As college students return to campuses all over the country this week, two University of Texas students organized and pulled off a creative, impactful and provocative public protest against the new concealed-guns-on-campus law, passed by the Texas State Legislature last fall. Jessica Lin and Ana Lopez consider the new law allowing anyone with a Texas concealed carry permit to carry their gun onto all public university campuses an obscenity, which got their wheels turning.
University of Texas's flagship campus in Austin was the scene of America's first/worst school mass shooting back on August 1, 1966. Ironically, 50 years later, Texas right-wing legislators selected that same date in 2016 for the new campus-carry law to go into effect. 14 people on the UT campus were killed and 32 were injured by a student shooter perched on top of the Texas campus' most visible landmark in 1966. One has to wonder about short memories in the Longhorn state.
Now, thanks to a nationwide push by the National Rifle Association and their right-wing ideologue political supporters, several states have passed concealed-guns-on-campus laws over the past decade. Many other state legislatures have taken up bills relaxing concealed carry laws to include campuses, Georgia's legislature passed such a law which was vetoed by Republican Gov. Nathan Deal just a few months ago.
This week's UT-Austin protest was dubbed "cocks not glocks" with thousands of rubber dildos passed out and displayed by students to bring attention to the "absurdity" of allowing concealed guns on campus. When Lin and Lopez researched campus obscenity laws last fall, they found that it was illegal to openly display the sex toys and law breakers could receive citations from law enforcement. Thus the idea was hatched to highlight the absurdity that carrying a sex toy was breaking the law, while carrying a deadly loaded weapon was legal. The protest is meant to dramatize the absurdity "with something more absurd".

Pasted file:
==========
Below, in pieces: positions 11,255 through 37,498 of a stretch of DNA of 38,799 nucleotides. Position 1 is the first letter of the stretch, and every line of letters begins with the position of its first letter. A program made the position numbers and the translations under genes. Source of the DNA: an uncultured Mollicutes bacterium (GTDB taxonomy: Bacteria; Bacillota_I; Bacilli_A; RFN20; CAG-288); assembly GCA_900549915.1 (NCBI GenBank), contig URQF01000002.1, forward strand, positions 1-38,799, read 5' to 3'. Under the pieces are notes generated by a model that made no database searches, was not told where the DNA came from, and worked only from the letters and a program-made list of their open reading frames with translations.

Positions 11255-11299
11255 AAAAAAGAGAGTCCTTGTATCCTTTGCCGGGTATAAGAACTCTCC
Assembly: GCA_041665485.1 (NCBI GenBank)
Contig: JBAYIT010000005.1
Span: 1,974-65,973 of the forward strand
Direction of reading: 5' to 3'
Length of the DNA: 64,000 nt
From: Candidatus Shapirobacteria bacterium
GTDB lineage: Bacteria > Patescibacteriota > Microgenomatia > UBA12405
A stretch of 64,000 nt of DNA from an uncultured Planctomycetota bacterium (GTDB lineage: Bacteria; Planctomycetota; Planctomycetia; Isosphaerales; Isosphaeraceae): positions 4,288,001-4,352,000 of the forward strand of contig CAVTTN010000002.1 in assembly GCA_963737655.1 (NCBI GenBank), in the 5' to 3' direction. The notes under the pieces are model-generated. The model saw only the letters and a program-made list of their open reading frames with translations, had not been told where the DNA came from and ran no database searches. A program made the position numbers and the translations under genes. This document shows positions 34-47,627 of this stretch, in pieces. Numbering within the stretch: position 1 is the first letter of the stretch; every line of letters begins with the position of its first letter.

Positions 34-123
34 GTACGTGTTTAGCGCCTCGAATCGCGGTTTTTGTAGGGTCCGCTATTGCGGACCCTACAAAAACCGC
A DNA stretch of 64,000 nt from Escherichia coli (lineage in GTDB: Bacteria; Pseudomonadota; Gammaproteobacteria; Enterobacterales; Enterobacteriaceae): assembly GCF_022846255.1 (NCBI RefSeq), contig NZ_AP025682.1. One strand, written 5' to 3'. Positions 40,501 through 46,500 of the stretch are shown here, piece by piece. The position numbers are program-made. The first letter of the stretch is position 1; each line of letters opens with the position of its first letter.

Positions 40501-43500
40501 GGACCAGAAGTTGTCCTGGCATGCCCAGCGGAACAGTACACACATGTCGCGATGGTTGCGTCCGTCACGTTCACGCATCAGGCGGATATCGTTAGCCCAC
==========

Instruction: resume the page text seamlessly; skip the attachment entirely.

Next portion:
Said Jessica Lin recently, "If the guns around you aren't making you uncomfortable, then maybe this dildo protest will make you think twice about what it is that makes you feel uncomfortable, and why." Observers have labeled this type of symbolic protest agitprop and it may just catch on.
Local Texas news coverage has reported that literally thousands of UT-Austin students swamped the on-campus sites where dildos were given away and the hashtag #cocksnotglocks has caught fire on Twitter and Facebook. The local Moms Demand Action for Gunsense in America supported the protest and national gun violence prevention organizations and activists are taking note as well.
Sadly, several UT-Austin professors have sued the state of Texas and some have already declared their intention to leave their jobs due to the potential danger presented by concealed guns on campus. Further, nearly all private Texas colleges and universities have opted out of the law, as private colleges have the same rights as any private property owner or business to prohibit concealed guns on their premises. So now Texas families and students have a double standard; safety for private college students, and risk for public university students. That's an obscenity.